AutoCorrect Worksheets

Use AutoCorrect as you type Excel entries just as you used AutoCorrect in Word. When you type an abbreviation for an AutoCorrect entry, Excel converts that abbreviated form to the complete AutoCorrect entry for you when you press the spacebar or move the pointer to another cell .


Word, Excel, and all the other core Office products share the same AutoCorrect and spelling dictionaries. Therefore, when you make changes and additions in the AutoCorrect or spelling dictionaries of Word or Excel, the other products recognize those changes.

To add AutoCorrect entries, perform the same steps that you do with Word; namely use the Tools, AutoCorrect Options menu to display the AutoCorrect dialog box and add your entries there.

Finding and Replacing Data

Like Word, Excel contains a powerful search-and-replace operation that can search your worksheet for values and replace those values if needed. Although Word users often use Word's search-and-replace , the feature gets less use in Excel. Nevertheless, the feature is extremely beneficial for worksheets. Imagine that you have a worksheet that tracks the payroll for your company, and the minimum wage increases . Instead of laboriously changing each and every cell that includes the minimum wage, you can use Excel's find-and-replace feature to quickly update the data.


The find-and-replace feature in Excel works a little differently from that in Word. The numeric nature of Excel requires a different type of find and replace. Therefore, read this section even if you have mastered the find-and-replace feature in Word.

You display the Find and Replace dialog box by choosing Find on the Edit menu. Alternatively, you can press Ctrl+F. Figure 8.1 shows the Find and Replace dialog box in Excel, after you click the Options button to show extra details.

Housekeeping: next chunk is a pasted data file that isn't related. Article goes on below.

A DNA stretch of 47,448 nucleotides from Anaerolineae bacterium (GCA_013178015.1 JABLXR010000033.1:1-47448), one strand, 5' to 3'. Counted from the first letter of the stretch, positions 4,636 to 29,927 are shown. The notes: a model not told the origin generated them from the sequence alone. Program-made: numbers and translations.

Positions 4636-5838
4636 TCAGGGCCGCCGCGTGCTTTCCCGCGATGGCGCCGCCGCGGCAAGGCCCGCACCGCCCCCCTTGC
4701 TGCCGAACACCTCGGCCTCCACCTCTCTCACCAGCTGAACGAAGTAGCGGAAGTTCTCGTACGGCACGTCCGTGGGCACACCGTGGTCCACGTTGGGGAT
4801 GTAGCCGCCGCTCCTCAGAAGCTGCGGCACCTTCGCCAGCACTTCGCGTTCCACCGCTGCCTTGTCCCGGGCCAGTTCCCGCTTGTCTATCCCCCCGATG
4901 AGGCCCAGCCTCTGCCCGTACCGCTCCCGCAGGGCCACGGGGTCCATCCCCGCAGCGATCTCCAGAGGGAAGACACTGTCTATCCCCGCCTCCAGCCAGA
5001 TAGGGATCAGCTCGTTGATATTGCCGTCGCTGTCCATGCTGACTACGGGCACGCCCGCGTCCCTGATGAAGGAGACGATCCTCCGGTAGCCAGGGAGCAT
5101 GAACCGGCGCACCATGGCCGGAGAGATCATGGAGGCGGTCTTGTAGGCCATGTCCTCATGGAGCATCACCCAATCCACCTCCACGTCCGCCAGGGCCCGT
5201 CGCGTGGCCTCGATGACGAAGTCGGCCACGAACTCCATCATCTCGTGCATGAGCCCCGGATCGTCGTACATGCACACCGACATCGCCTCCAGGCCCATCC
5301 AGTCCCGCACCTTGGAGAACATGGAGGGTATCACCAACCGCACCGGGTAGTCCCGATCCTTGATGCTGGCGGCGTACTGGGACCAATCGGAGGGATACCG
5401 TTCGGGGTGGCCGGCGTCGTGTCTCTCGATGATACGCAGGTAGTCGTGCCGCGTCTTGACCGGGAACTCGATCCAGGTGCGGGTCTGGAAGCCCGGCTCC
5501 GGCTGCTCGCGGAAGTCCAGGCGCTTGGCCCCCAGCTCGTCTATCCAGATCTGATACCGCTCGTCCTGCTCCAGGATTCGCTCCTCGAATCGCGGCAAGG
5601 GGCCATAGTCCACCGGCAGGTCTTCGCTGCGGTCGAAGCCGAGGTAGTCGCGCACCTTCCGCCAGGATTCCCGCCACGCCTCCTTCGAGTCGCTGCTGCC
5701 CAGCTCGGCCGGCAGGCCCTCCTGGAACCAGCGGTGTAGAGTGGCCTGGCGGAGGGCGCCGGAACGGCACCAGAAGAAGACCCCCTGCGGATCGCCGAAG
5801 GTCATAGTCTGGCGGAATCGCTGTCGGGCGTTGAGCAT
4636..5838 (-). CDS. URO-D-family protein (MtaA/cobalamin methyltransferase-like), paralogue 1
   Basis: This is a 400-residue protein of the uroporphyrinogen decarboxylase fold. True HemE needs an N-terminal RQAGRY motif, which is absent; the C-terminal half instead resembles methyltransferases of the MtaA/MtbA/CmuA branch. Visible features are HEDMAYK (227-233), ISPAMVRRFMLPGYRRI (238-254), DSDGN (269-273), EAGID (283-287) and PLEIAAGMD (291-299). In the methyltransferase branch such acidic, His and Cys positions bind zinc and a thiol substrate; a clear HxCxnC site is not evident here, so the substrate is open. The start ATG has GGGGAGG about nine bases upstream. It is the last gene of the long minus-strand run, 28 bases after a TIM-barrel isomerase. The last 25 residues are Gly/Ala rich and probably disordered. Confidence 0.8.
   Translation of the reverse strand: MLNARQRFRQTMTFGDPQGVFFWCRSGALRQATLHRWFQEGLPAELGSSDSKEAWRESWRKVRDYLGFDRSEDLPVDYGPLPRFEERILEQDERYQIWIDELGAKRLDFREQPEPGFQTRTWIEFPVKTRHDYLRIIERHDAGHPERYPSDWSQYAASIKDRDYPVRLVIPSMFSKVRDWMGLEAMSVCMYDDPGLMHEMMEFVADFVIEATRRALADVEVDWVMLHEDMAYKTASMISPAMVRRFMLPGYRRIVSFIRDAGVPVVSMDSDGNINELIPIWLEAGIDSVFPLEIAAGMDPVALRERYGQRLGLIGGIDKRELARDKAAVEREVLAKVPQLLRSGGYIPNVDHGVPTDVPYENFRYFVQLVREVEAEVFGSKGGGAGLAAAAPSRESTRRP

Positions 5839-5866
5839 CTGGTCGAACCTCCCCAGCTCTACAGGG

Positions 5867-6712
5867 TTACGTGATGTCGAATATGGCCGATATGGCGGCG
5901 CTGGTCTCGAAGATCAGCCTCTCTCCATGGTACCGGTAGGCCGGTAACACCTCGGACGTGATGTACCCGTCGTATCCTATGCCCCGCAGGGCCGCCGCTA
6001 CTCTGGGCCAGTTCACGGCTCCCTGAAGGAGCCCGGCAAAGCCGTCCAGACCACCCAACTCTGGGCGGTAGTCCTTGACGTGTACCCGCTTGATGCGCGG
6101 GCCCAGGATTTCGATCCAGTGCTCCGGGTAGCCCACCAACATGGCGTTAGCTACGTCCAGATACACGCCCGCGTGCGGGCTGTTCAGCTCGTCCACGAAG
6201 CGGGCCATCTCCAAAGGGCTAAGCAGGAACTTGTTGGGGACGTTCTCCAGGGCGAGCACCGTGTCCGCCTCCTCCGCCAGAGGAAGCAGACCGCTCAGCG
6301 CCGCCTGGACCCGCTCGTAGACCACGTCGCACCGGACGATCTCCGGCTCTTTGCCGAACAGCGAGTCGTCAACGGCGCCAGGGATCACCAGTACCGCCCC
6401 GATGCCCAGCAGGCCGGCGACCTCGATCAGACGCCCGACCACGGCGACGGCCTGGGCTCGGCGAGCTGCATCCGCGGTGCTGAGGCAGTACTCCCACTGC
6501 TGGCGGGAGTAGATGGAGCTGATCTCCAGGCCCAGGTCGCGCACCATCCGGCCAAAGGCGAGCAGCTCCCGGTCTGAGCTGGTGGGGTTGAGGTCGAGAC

Figure 8.1. You can use Excel's Find and Replace dialog box to look for text or numbers .


You can request that Excel search by rows or columns . If your worksheet is generally longer than wide (as most are), select By Columns to speed your search. Select the Match Case option if you want Excel to match the uppercase and lowercase letters in your search exactly.

Use Formulas if you are searching for part of a formula (you learn all about formulas in the next hour ), use Values if you want Excel to search only the calculated cells (not within formulas), and use Comments if you want Excel to search through cell comments. Generally, you are searching through formulas, so Excel makes Formulas the default search target.

The Match Entire Cell Contents option indicates to Excel that a cell must contain your entire Find value and nothing else before it makes a proper match.

If you want Excel to replace the found value with another value, select the Edit, Replace command to display the Replace page of the Find and Replace dialog box, as shown in Figure 8.2.

Figure 8.2. Let Excel replace values for you.


Enter the text you want Excel to locate in the Find What field and type the text you want to replace that with in the Replace with field. Click the Replace All button if you want Excel to replace all occurrences of the found text. (Be sure that you want to replace all occurrences, or you'll possibly overwrite data unexpectedly.) Otherwise, click Find Next to find the next matching value and, if that is a value you want to replace, click Replace. If it is not a value you want to replace, click Find Next to locate the next occurrence.


If you want to find or replace within a limited worksheet range only, select the range before conducting the find or replace operation.

Sams Teach Yourself Microsoft Office 2003 in 24 Hours
Sams Teach Yourself Microsoft Office 2003 in 24 Hours
ISBN: 0672325535
EAN: 2147483647
Year: 2003
Pages: 272
Authors: Greg Perry © 2008-2017.
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